The mandate of Ellis Bird Farm is to: oversee a mountain bluebird and tree swallow conservation program; maintain a winter bird feeding program; conduct and support scientific research related to native cavity-nesting birds; and provide public education programs.

Ellis Bird Farm, Alberta

Ellis Bird Farm welcomes visitors from the May long weekend to the September long weekend. The farm is open Tuesday through Sunday (and holiday Mondays) between 11 a.m. and 5 p.m.

School field trips, day camps for kids, a Bug Jamboree, a Bluebird Festival, bluebird trail tours and other popular events are offered throughout the summer. Facilities include a Visitor Centre, which has interesting exhibits, a small Gift shop and a Tea House, renowned for delicious food and excellent service. A network of trails, including an extensive wheelchair path, links butterfly gardens, orchards, native wildflower gardens, hummingbird gardens and water gardens.

Drop in visitors and tour groups are welcome. Tea House reservations are strongly recommended and required for group tours. Admission is by donation and a nominal fee is charged for guided tours of the site.

Visit Ellis Bird Farm’s website for newsletter postings, special events listings and other information related to bluebirds and the farm.”

 

For booking a visit if you’re in an RV group or otherwise, here is the contact information:

Ellis Bird Farm Ltd.
Box 5090, Lacombe, AB, T4L 1W7
Phone:  403-346-2211 (off-season) or 403-885-4477 (during the summer)
Website:
www.ellisbirdfarm.ca

We walked along pathways until we came to a pond and noticed a farm with goats in the distance. We definitely stopped to take it all in. There were other farm animals there as well wandering in the area – chickens, roosters and other wild birds. It was so much fun taking photos of the baby goats that were ultra-friendly as they came up to the fence to check us out. I loved this place! The peaceful farm with abundant flowers and gardens, beautiful trees, manicured grounds with benches and chairs throughout, had definitely made it on my to-do list next spring for a revisit.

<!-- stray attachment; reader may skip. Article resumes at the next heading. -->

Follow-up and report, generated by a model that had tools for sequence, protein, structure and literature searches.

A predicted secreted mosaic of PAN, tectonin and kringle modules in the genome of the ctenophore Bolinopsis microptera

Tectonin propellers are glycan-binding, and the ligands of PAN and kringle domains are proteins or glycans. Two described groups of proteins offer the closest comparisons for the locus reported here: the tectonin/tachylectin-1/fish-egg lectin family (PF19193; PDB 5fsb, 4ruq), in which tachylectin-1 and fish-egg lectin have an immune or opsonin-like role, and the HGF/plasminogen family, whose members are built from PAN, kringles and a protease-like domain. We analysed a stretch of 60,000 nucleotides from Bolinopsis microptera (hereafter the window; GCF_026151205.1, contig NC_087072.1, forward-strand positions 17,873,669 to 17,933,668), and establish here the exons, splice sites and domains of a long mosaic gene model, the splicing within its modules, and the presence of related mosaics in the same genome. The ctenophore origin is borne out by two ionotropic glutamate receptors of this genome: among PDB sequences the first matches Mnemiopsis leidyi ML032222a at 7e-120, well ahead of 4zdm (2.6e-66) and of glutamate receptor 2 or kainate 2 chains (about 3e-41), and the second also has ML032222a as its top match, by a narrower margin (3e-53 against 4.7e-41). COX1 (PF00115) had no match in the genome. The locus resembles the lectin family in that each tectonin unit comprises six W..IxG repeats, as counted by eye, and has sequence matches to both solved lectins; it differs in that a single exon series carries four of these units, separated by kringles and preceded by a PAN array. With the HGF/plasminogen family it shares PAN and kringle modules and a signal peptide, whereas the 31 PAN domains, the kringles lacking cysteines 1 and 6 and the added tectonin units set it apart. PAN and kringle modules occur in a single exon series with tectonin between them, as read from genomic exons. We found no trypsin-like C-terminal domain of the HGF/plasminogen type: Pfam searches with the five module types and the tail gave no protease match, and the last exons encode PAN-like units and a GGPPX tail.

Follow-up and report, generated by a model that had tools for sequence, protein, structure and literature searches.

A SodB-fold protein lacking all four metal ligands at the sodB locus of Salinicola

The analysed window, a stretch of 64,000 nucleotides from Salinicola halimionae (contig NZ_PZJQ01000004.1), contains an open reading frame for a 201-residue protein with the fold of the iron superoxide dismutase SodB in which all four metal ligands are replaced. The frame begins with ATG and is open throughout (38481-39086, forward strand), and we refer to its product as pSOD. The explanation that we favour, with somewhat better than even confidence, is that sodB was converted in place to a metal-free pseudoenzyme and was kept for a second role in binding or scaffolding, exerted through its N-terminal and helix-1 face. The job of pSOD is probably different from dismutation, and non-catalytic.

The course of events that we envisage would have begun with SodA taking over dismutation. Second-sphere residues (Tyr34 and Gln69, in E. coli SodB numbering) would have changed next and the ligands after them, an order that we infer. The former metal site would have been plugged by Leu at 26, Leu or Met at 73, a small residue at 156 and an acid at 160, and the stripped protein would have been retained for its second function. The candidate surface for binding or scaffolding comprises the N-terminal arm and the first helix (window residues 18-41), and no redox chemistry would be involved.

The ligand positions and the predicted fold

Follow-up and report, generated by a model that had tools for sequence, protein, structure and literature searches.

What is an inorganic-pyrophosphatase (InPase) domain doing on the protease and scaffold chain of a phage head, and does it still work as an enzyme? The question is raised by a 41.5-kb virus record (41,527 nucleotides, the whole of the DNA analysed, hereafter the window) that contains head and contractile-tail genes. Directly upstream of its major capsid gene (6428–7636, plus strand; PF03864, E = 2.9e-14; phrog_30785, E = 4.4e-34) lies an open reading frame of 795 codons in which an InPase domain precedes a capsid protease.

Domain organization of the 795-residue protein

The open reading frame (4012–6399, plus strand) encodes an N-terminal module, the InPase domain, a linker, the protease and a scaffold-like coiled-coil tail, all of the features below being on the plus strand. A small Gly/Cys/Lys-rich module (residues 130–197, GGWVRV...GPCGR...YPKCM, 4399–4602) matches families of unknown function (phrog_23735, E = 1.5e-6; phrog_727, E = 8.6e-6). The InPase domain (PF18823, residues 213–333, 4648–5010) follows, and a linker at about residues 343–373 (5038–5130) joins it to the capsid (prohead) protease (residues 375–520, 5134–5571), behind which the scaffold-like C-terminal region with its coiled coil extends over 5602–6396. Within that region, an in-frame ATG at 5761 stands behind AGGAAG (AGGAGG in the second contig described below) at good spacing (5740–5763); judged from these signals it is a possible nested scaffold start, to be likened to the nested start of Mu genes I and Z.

After we left the farm animals behind, we quickly made our way to the Tea House.  There was a patio out back so we sat down at a table and each ordered a slice of homemade berry pie and a couple of teas. As we waited for our order, the scent of flowers wafted by us as strong wind gusts whipped up unexpectedly. Dark cloud formations indicated rain was definitely coming. I didn’t care! Eating homemade berry pie and tea was on the agenda. I don’t know why, but for some reason, it felt like we were eating at a café in southern France.  There was only 20 minutes left before closing but I didn’t want to leave that fast. We ate our dessert quickly and managed to finish drinking our tea. Sadly, our time came to an end at Ellis Bird Farm. The waitress indicated in a few days they would be closing down until reopening in May 2015.

We walked back to the car and beyond the beautiful trellis that was effective as an entrance. I was saddened to leave but knew I would return in May 2015 for a longer visit.

As we got into the car and drove away, it started to rain. By the time we were half way to Calgary on the Queen Elizabeth Highway 2, the rain poured relentlessly and wouldn’t let up. I mean, these were huge raindrops and sheets of rain that came down in a torrential onslaught. Cars were pulling over on the side of the road because no one could see the car in front of them. We started hydroplaning which forced us to pull over onto the shoulder a couple of times. Transport trailers whizzed by us as if the storm was nothing. It didn’t matter. I had just experienced a wonderful visit and I wasn’t going to let a heavy rainstorm ruin my day.

By the time we got to Airdrie, the rain stopped abruptly. We both breathed a sigh of relief and made a pact that we would revisit the Gull Lake and Lacombe area in the future.

PART 1     PART 2